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"I can do brave things" - My first walk alone in the Lake District

No matter how many times I refreshed the weather apps, heavy downpours and strong wind were forecasted for the day. I packed my bag regardless. I could always turn back if it got that bad.


After five minutes of walking a heavy downpour arrived, dry bunkhouse still in view. Waterproofs on, this wasn’t just a passing shower. I sheltered under the thick branches of a large tree, listening to the raindrops falling on its leaves. This grounded me, looking up to the mountains and studying my map. Leaning on the tree trunk, I connected with the landscape through stillness.


As the rain cooled off, I decided to walk again. I began to enjoy the feeling of fresh raindrops on my face, watching the mist move around the crags and contours above. I encountered two men with two teenagers who told me they’d decided to turn back during the downpour. “It’s awful up there,” said one of them. “I’m hoping it’s clearing up,” I replied. “You’ll be alright in your waterproofs,” he said reassuringly. Onwards!


The river was roaring as I ascended alongside it. No one else was around now, I walked with my own thoughts and realised that this was my first walk alone in the Lake District mountains. This filled me with excitement, but also made me check-in with myself - am I ready for this?


I had been longing for it, to be in the mountains on my own terms. I could choose my way, stop and take a break without holding up anyone else, entertain my curiosity about the landscape and find my place in it.


I noticed that I felt nervous as I looked up at the enormous towering crag above me, the unfamiliar path ahead of me, quite intimidating under a dark sky. The scale was so much bigger than where I usually walk alone on Kinder Scout. It took courage to be there, not relying on others to plan the day, to navigate and to make decisions. A sense of freedom came with that - “I can do brave things” became my mantra.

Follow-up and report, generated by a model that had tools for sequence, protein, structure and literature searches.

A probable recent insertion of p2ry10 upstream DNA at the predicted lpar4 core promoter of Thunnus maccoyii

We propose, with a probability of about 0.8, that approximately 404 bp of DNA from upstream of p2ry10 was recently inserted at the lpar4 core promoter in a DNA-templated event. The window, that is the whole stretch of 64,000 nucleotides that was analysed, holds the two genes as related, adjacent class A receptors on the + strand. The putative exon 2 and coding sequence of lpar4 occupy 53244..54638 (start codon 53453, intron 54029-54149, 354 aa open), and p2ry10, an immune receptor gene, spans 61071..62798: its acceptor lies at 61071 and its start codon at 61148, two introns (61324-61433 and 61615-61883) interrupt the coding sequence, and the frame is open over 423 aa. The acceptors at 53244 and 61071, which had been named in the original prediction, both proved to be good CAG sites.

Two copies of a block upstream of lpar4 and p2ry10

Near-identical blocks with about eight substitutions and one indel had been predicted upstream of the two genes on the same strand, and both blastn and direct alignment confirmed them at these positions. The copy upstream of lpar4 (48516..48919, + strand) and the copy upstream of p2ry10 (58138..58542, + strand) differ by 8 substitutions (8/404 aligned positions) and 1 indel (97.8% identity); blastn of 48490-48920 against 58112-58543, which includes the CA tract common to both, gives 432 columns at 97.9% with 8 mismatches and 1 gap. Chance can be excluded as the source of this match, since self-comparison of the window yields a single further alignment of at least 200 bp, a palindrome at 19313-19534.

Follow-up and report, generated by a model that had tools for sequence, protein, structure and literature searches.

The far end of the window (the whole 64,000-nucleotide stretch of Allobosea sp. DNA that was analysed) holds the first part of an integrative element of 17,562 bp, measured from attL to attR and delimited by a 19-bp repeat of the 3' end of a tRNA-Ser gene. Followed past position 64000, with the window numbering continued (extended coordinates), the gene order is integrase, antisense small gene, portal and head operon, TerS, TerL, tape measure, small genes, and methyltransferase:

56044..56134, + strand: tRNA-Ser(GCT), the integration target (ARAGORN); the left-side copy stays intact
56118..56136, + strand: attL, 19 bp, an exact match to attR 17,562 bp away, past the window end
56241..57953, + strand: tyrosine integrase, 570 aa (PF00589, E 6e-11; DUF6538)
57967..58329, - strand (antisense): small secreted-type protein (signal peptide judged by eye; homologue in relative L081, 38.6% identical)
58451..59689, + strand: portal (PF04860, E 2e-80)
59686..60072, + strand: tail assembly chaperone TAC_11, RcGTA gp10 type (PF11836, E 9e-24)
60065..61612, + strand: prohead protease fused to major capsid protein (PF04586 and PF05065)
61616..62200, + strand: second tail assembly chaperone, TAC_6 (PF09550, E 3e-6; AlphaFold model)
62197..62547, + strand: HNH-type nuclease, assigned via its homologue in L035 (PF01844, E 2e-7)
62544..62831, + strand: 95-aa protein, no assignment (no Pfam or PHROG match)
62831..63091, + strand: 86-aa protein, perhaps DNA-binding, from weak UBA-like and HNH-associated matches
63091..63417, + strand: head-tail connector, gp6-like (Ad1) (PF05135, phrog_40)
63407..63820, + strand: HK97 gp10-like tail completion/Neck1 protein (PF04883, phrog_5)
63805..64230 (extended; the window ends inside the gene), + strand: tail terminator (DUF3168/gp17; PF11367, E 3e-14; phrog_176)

Walking to the mountain top along the river had been straightforward, but my route down was a little more challenging. The rocks were very slippy after the rain, they weren’t holding my boots in place like the gritstone of the dark peak does. It was windy too as I descended, with steep drops ahead that made me feel nervous again. I paused to take a breather when I needed to, settling my mind by talking myself through each step gently. No one was there to rush me, no one was walking into the distance while I got left behind. Step by step I reached the end of the rocky section, relieved to see grassy moorland ahead.


After collecting myself, I looked back. “Wow - I just walked down that!” If someone had shown me that view of it from below, there’s no way I would’ve walked down there alone! I felt proud of myself, and I kept looking back at it in total awe of the landscape and appreciation for the experience.


I still had hours of the afternoon left, coffee in my flask and snacks in my rucksack. I nestled between some rocks and enjoyed half an hour of happiness sitting in the mizzle eating hobnobs. The simplest joys of relaxation and satisfaction after doing something that took courage. I looked around me and thought “I belong here.” Not forever, but in this moment.


That evening, I ate at the pub next to the campsite. Surrounded by families, walking groups and couples, I was sitting alone at a table in the centre of the room. I was an observer of this precious moment, the sun finally shining on me while I drank tea and waited for fish and chips. I absorbed all of it - the day, the atmosphere, the burning glow of my skin after being exposed to the elements.

“Everything is going to be ok.”

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